VF: Thereís a guy at Stage Fort Park, where Olson used to live, and heís a guard. He keeps track of when people come in and they have to pay. So, his name is Jordan. It used to be Giordano. He told me a secret. ďThe Secret of Ed Jordan(o),Ē ok? (he reads):
At 12 he drowned when
they fished him back
O boy was he happy dead then
years later his heart astounded
into his Bounty
returning him cheated and yearning
The 3rd strike his heart gave up
automatically his fist
whacked the clock saving him
the Soul of his senses
swinging with Beautyís enigma
and that Knowing washing his lenses
heís at the end of the Lottery
and Heavenís awaiting him
to dissolve in Being
O There here in Eternal Bliss
the intuiting Light
without the Time the Shadow of This
CS: Wow. Thatís great.
VF: Huh? I got it! I got it! There and here! Eternal bliss! You canít divide it! Thatís where Iím at! A lot of people donít know it. But peopleÖ they pick it up. They pick up my energy. Yeah. So, where was he? There and here. Thereís no split.
CS: Life and death.
VF: Life and death stuck together. You know, Iíll give an example of that. This is a gold dollar. Look, you can see it canít you?
CS: Yeah I can see it. Itís flat on its side.
VF: Goddamn it. (he spins coin on the table) Heads and tails, you canít see them. You get it?
CS: Yup. Well I guess I mean youóHow old are you now?
VF: Me? They just gave me a birthday party a while back. They said I was ninety. Theyíre full of gull wings! Iím not ninety! Iím in no time! One woman sent me a card. Iím going to show you the card. ďYour life is like the fruits of this tree. Ever soaring, never changing. Through all three hundred and fifty two seasons of you.Ē I tell these people I donít believe in death. I only believe in seasons. Just the seasons, and they go around and around and around. But the system, their system, their deadly system! Itís organized to keep people in prisons of time. You go down 128 [the main road into Gloucester] and you see these guys, theyíll pull past you going zip zip zip zip zip.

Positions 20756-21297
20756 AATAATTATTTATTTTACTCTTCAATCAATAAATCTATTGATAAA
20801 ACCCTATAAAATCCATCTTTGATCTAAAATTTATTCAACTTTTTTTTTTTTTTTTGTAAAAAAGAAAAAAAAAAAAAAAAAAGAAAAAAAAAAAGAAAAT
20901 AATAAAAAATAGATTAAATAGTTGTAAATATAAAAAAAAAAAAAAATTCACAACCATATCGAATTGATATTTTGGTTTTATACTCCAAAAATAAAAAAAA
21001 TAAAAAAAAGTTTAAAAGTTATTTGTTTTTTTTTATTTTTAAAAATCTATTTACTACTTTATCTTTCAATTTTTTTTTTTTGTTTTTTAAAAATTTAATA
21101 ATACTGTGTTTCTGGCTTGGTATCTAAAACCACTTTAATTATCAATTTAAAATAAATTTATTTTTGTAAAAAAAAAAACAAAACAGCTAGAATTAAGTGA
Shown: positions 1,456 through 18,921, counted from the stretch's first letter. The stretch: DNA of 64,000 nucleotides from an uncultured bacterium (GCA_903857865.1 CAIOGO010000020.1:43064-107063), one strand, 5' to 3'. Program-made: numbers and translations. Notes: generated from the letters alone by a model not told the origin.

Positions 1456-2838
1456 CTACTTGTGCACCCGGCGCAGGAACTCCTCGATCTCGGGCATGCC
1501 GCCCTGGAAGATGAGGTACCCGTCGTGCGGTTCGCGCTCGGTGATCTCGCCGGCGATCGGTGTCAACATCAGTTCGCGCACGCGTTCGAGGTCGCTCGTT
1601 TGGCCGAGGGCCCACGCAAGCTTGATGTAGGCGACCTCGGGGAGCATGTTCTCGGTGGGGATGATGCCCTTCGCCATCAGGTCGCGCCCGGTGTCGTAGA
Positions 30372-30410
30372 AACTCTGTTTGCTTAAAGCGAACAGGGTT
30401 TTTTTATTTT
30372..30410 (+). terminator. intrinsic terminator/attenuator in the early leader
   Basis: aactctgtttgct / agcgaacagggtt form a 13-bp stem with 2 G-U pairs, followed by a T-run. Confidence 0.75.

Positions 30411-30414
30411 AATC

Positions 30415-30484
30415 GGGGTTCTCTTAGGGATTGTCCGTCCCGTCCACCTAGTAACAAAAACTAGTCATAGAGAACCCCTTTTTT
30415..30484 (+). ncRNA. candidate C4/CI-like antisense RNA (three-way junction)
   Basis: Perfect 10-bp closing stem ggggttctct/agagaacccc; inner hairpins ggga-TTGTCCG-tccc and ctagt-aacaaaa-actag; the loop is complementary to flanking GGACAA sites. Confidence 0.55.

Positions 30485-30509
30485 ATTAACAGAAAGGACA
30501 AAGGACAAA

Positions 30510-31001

CS: Racing to work or whatever.
VF: Theyíre angry!
CS: I agree with that.
VF: Americaís a nation of angry people, inwardly.
CS: Itís a rat race.
VF: Yeah, and they know it and theyíre angry about it.
CS: Are you familiar with the Olson poem about that? Where he talks about the people at the bus station?
VF: Which one?
CS: Itís one of the early Maximus Poems. He talks about theóthe cop on duty.
VF: Oh yeah.
CS: And he says, ďThat hour, how dare they!Ē Referring to how theyíve made it the rush hour. This wonderful time that he isolates in the poem.
CS: So, you agree with that?
VF: Oh yeah.
CS: For sure.
VF: Yeah. Itís a tough scene weíre in. It gets worse because all that anger and the inability to do anything about it is corroding the ecology of the Earth!